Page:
Anamaria Dutceac Segesten, writing from Lund, Sweden
I like conferences, I confess. There are so many types of conferences these days that it is hard to choose one’s favorites: there are “regular” conferences, a slowly vanishing category. Then we have virtual conferences, which may be poised to become the new regular kind, with many billions in value. According to some, this is a growing trend, now in its infancy but emerging as a real alternative, with its own rules and skills that academics will have to develop and master. I must admit I have never been invited to attend such a virtual meeting place for academics and therefore I cannot express a true opinion. My feeling though is that the technological issues will deter from an atmosphere of warm collegiality and that only with some advanced technology in simulation rooms will it ever grow to be a replacement of the current physical meetings.
Another type of conference increasingly discussed these days is the unconference, a more democratic type of virtual academic reunion where, according to a well-circulated definition, the participants themselves determine the program. The advantages connected to the unconference are numerous, as Ethan Watrall explains, as it is more democratic, more dialogical or interactive and also cheaper than the traditional form. Perhaps because it is a very new thing, or/and because the humanities or the social sciences are slower in keeping up with technology than natural sciences, I have not attended nor even heard of an unconference organized in my field (political science) – perhaps this is indeed admitting my ignorance, backwardness and high degree of uncoolness, but this is the truth and I must stand up for it.
For me it is the regular conference type that remains the most attractive. Maybe presenting papers allows my artistic, performative side to emerge, just like in Itir’s case. Maybe I am able to capture the vibes of a flesh and blood audience more directly, and to get more energy and inspiration from their almost imperceptible reactions. Maybe it is the possibility of looking at the members of the public in the eye and expecting, hoping, that they will stay afterwards for an informal chat and exchange of views. So is it so that I am more of the underconference type? Am I at the conference not because of the actual moment of presenting or discussing a paper, but because of its parallel universe, this “carnival in the churchyard” to quote Mark Sample?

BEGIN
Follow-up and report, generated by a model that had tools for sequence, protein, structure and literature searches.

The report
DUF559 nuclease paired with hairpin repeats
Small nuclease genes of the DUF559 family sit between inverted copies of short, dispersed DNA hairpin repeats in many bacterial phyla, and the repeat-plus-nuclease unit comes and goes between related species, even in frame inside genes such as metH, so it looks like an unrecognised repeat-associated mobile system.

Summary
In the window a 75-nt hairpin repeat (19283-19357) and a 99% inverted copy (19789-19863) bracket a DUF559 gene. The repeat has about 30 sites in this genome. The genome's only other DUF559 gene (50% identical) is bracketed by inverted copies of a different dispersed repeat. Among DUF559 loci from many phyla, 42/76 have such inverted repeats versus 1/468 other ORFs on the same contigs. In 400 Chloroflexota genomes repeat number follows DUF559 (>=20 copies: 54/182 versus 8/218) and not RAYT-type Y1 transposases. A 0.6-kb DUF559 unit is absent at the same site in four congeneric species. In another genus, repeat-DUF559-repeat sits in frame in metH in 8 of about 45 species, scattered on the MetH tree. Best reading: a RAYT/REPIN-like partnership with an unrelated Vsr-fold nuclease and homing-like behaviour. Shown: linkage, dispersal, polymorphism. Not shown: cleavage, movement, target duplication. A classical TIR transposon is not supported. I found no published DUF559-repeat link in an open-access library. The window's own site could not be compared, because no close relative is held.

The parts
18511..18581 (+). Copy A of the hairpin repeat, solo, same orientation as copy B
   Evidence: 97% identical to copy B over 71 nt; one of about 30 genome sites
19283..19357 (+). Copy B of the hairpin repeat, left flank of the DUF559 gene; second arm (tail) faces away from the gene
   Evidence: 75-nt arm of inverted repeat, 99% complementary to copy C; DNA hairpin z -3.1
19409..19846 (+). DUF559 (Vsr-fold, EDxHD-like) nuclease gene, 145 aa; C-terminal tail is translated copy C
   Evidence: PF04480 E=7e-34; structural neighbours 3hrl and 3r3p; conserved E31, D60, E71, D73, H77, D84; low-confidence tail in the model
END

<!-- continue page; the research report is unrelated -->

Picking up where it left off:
Not quite, I answer. I like the formality of paper presentation and the discussion in the conference room just as much as I really get enriched, but also occasionally enraged, in the hallways and lobbies where the underconference takes place. This is why I have come to realize I like the small traditional conference. Perhaps this is not the place for fantastic networking as only few people attend it. But those who come are indeed interested in the narrower topic that also brought me there. I have the feeling of belonging together with these other people with whom I share this or that clearly defined academic concern. I may disagree with them to the teeth, but nevertheless I like them being there, and I am quietly grateful for their interest in my subject, for giving me comments, critiques, attention.
I was almost going to write that I like these small conferences because they connect me to parts of my intellectual family. But thinking in family terms is such a womanly thing, isn’t it?
This post was also published in Inside Higher Ed.